The objective of this study was to measure the impact of differences in taste test liking ratings of two samples of processed cheese upon consumption of those cheeses when they were served as part of a normal lunch. Firstly, forty subjects participated in a taste test to rate their liking for both cheeses, and then in a series of four lunches. Lunches consisted of the cheese plus 8 other items. Individual subjects' consumption of each food item was measured at the lunch. Ratings of hunger, prospective consumption (how much of each of the food served the subject thought he/she could eat) and post-consumption liking were obtained. Judges preferred the full-fat cheese to the fat-free cheese in both taste tests and post-consumption liking ratings. They ate more of the full-fat cheese and consumed more total fat and more total calories when the full-fat cheese was served. The amount of cheese eaten at lunch was related to both the liking of that cheese and to the amount of cheese the subjects thought they would be able to eat.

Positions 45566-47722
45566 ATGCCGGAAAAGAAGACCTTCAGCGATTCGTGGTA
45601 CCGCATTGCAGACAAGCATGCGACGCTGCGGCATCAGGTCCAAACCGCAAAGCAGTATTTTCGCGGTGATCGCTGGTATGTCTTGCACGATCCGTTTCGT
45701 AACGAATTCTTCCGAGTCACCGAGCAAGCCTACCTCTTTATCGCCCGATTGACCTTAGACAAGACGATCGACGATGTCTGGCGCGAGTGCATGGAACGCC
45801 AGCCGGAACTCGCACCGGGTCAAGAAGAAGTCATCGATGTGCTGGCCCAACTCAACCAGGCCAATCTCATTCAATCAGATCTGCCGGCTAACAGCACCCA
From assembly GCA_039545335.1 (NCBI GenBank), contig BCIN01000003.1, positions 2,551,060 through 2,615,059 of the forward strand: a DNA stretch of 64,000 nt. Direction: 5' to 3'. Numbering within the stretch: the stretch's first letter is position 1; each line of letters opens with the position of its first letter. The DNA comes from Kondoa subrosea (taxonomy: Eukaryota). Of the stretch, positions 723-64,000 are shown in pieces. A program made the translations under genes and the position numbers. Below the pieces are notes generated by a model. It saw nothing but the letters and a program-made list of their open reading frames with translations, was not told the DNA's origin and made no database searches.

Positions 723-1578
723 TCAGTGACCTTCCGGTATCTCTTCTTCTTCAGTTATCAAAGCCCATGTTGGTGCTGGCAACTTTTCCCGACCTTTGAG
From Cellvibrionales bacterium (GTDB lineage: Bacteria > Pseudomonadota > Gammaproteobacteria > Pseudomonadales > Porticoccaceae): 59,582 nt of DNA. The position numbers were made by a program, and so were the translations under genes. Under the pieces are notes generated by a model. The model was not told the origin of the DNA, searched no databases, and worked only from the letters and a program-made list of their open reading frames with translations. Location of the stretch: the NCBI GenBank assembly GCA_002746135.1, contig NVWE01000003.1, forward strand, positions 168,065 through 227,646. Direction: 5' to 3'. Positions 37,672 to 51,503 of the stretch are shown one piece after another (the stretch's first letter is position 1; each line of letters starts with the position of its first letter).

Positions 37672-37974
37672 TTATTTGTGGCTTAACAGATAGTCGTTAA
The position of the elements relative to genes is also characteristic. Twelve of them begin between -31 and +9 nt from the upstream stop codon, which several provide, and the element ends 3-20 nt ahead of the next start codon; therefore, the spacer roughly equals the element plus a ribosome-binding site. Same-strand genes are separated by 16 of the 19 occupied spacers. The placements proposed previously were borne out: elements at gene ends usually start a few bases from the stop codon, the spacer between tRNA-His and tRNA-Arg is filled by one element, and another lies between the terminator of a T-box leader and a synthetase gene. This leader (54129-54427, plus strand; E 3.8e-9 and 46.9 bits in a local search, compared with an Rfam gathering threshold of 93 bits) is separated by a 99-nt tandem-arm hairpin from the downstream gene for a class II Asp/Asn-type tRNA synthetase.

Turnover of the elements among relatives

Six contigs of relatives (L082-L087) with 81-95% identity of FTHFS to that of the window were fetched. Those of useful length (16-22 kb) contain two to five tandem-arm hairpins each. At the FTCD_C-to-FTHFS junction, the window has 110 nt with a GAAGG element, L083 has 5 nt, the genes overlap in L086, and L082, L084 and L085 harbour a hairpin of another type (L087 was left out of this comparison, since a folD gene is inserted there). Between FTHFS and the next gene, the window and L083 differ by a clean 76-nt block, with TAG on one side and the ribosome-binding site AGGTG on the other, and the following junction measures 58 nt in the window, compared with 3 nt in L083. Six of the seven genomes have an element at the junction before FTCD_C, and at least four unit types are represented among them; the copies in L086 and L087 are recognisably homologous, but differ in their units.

|Original language||English (US)|
|Number of pages||5|
|Journal||Food Quality and Preference|
|State||Published - Mar 1997|